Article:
2003 C 30 CDI AMG
Mercedes AMG - In 2003, Mercedes-AMG had its first diesel engine on the
market in the C 30 CDI AMG. Powered by a 3 liter, 5 cylinder diesel engine,
the C 30 CDI AMG delivered 231 HP and 540 Nm torque.
Learn more: www.mercedes-amg.com
Join the conversation: https://www.facebook.com/AMGGlobalFanPage
Legendary Diesel Mercedes W123 + SCANIA turbine @ Eastern European Drift Championship
Teemu Peltola With :
Legendary Mercedes W123 wagon -81 2012 setup. Approx 600hp & 1000Nm with NO
3.0 Litre, 24 Valve, OM606 -98 Mercedes turbodiesel Engine.
Custom Exhaust Manifold
Compressor -- Eaton MP90.
Holset HX52 modified by LSD-turbo.
Diesel pump by Mynädiesel (picture below)
Self made Intercooler --
Water injection -- DevilsOwn alcohol injection kit
Radiator moved to the trunk.
BIGEM custom adjusted coilovers.
Rollcage by TS-mekan
Rear & Front Axles from Toyota Aristo
Custom made steering made from Mercedes, Volvo, Toyota and custom parts to
give a steering angle of 62 degrees.
Gearbox, Modified Automatic Mercedes AMG E55 Gearbox
Rear & Front Axles from Toyota Aristo
Stock dashboard with gauges for oil pressure etc.
Aluminium fuel tank
Aluminium Air intake & Cooler Box
Mercedes C30 CDI Sportcoupé Promo Video
The second generation C-Class was introduced in 2000, with an even sportier
look than the previous generations, with a steeper front-end and shorter
rear-end. The sedan debuted with a range of straight-four and V6 gasoline
engines and straight-four and straight-five Diesels. Most of the engines
were carried over from the W202, but the C 320 was exclusive, offering 218
hp, also the C240 now had 2597 cc but output was unchanged at 170 hp. The
diesels now featured common rail direct injection and variable geometry turbochargers. Six-speed manual gearboxes
were now standard for nearly the entire range (except the C320 and C 270
CDI). For the first time, the number designations were no longer equivalent
to the engine displacement, more specifically in the C 180 (2.0 L), C 240
(2.6 L) and C 200 CDI (2.2 L).
In 2001, Mercedes increased the range, with the introduction of the new
T-Modell (station wagon) and Sportcoupé body types. The Sportcoupé was
actually a three-door liftback made to counter the BMW Compact, but like
its competitor, it proved unpopular with the younger buyers it was targeted
towards, due to high prices compared to the lower entry-level models it was
competing against, and unfavorable exchange rates. Although removed from
the North American lineup in 2005, it continued on sale in other markets.
From October 2000 until 2007, a total of 230.000 Sportcoupés were built in
the Bremen factory and in Brazil. In Canada, it was replaced by the
Mercedes-Benz B-Class. A new family of supercharged four cylinder engines,
dubbed M271, also debuted. All of them used the same 1.8 L engine, with
different designations according to horsepower levels, including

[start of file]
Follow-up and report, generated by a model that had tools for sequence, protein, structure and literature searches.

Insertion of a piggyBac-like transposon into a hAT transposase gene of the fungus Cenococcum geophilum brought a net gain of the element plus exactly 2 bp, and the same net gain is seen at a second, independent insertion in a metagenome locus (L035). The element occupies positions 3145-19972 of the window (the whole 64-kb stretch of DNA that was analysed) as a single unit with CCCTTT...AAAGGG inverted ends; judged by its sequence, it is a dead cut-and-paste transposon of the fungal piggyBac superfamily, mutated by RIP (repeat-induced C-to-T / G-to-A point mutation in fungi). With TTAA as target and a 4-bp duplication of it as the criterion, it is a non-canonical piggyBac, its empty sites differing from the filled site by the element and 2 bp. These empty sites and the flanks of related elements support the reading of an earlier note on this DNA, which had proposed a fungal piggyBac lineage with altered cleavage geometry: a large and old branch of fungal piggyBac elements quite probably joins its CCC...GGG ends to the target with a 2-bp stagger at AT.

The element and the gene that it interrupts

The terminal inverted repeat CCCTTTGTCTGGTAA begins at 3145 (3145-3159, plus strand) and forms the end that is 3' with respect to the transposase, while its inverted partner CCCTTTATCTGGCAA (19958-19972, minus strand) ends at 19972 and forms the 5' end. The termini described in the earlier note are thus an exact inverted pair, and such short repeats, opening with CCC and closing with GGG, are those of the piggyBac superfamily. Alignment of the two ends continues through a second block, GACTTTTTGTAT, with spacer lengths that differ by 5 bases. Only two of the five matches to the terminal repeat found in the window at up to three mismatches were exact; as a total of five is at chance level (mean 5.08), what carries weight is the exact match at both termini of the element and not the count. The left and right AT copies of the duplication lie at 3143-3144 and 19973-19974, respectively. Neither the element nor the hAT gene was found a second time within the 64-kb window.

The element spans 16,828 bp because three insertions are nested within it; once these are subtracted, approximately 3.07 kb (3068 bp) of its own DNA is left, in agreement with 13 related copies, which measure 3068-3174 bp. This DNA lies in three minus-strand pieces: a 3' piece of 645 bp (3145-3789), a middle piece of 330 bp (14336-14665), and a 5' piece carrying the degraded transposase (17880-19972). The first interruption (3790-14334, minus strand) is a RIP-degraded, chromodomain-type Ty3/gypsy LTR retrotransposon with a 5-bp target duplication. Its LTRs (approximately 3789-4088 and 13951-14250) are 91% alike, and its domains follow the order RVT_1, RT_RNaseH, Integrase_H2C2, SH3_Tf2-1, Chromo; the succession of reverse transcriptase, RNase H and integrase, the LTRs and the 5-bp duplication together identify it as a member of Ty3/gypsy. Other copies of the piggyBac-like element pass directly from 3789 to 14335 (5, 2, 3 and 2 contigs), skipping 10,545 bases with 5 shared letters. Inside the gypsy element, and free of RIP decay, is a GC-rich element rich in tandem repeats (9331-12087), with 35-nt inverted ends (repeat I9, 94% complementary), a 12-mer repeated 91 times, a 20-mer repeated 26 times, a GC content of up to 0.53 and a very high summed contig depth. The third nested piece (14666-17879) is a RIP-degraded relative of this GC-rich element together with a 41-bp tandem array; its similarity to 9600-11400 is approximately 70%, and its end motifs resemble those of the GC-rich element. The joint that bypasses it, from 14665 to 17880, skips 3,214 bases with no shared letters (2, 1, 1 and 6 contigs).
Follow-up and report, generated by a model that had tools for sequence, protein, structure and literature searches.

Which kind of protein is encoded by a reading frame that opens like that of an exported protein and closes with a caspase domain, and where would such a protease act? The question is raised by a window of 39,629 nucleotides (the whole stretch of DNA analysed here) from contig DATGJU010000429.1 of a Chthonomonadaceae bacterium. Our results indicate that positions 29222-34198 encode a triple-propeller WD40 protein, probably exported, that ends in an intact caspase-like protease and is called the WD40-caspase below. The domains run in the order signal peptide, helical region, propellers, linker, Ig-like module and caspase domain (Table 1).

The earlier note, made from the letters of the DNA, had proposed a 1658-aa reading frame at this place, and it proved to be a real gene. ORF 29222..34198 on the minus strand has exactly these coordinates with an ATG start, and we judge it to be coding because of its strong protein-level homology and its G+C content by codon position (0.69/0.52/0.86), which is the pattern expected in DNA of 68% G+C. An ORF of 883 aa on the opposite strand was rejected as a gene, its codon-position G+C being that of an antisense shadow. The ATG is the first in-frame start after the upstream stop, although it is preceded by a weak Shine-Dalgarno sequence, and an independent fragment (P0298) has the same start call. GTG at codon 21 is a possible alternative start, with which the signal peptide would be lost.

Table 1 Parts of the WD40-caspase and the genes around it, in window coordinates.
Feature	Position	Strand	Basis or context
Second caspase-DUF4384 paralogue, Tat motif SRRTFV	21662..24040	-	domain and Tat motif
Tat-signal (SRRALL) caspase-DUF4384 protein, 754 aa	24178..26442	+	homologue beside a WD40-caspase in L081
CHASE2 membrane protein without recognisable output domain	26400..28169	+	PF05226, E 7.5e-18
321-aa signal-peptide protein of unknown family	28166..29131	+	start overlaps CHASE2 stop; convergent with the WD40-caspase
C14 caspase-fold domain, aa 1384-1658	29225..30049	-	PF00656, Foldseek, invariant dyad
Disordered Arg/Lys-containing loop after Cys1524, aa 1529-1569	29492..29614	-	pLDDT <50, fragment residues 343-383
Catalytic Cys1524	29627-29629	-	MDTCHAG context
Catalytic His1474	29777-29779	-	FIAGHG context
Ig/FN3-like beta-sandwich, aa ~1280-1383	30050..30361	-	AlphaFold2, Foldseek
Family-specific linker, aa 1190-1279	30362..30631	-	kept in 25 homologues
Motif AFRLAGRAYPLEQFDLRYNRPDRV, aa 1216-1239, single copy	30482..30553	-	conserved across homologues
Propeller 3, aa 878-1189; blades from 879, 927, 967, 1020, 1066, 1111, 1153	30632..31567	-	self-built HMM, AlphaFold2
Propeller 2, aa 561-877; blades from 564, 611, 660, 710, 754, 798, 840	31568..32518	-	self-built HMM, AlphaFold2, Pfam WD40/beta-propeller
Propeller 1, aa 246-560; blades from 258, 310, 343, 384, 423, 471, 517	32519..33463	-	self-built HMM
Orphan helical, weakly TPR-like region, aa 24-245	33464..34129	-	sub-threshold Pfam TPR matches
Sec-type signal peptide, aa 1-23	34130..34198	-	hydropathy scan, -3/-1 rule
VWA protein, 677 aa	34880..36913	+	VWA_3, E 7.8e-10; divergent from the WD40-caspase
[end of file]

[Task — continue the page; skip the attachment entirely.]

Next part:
a version powered by natural gas. The 193 PS(142 kW/190 hp) C 230K was
initially available only in the Sportcoupé. 4MATIC four wheel drive
versions were also offered for the C 240 and C 320.
The C-Class was refreshed in early 2004. In this year, the interior styling
was changed in all three body styles. Different taillights were added to
the Sportcoupé and several all-new M272 and OM642 V6 engines were
introduced later in the year. These were available in both petrol and
diesel configuration, ranging between 2.5 L and 3.5 L, and the three-valve
twin spark design was replaced by the more standard four-valve design, now
with variable valve timing. The C 350 could now reach 272 PS (200 kW/268
hp), while the C 320 CDI was good for 224 PS (165 kW/221 hp). In addition,
these engines also received the new seven-speed 7G-Tronic automatic
transmission as optional, the diesel four cylinder's power was slightly
increased, and a more economical naturally-aspirated 1.8 L (C 160) was
added to the Sportcoupé lineup.
The C-Class is arguably one of the most popular automobiles in its class in
many of the European markets. The second generation was for a long time
after its release the second most popular new car in the German market,
right after the Volkswagen Golf, and in 2002 it achieved success in the
field of safety by scoring the maximum five stars in a EuroNCAP crash test.
In the United States, the C-Class automobiles are the least expensive of
the Mercedes-Benz lineup. However the W203 C-Class did acquire a poor
reputation for reliability compared to other Mercedes-Benz models, an area
which was targeted for improvement in the replacement model.
The last W203 C-Class sedan was produced on December 14, 2006 at the
Sindelfingen plant, after almost 630,000 units of the sedan were produced.
However, the W203 Sportcoupé hatchback will continue to be produced in
Brazil beyond this date, since Mercedes-Benz does not
foresee producing a W204 Sportcoupé. Indeed, it has decided to offer an
updated W203-2 or CL203 Sportcoupé with a new restyled front end inspired
by the W204 sedan and an improved engine range parallel to the one of the
W204. This new car will take the name of CLC-Class.
After the success of the AMG models in the previous generation,
Mercedes-Benz attempted to increase sales by introducing two different AMG
versions in the new model, also in 2001. The C 32 AMG scaled back down to a
3.2 L V6 engine, to match the E46 M3 displacement and improve weight
distribution, but it required a twin-screw type Supercharger (manufactured by IHI) to reach 354 PS
(260 kW/349 hp) at 6100 rpm and 450 Nm (332 ft•lbf) at 4400 rpm. Like its
predecessors, it used a five-speed automatic, helping it to complete a
0-100km/h sprint within 5.2 seconds. The second version was C 30 CDI AMG,
using a 3.0 L five-cylinder engine, capable of 231 PS(170 kW/228 hp) at
3800 rpm and 540 Nm (398 ft•lbf) at 2000 rpm. Both were available in all
three body styles, but the diesel model did not reach sales expectations
and was retired in 2004, as well as the C 32 AMG Sportcoupé.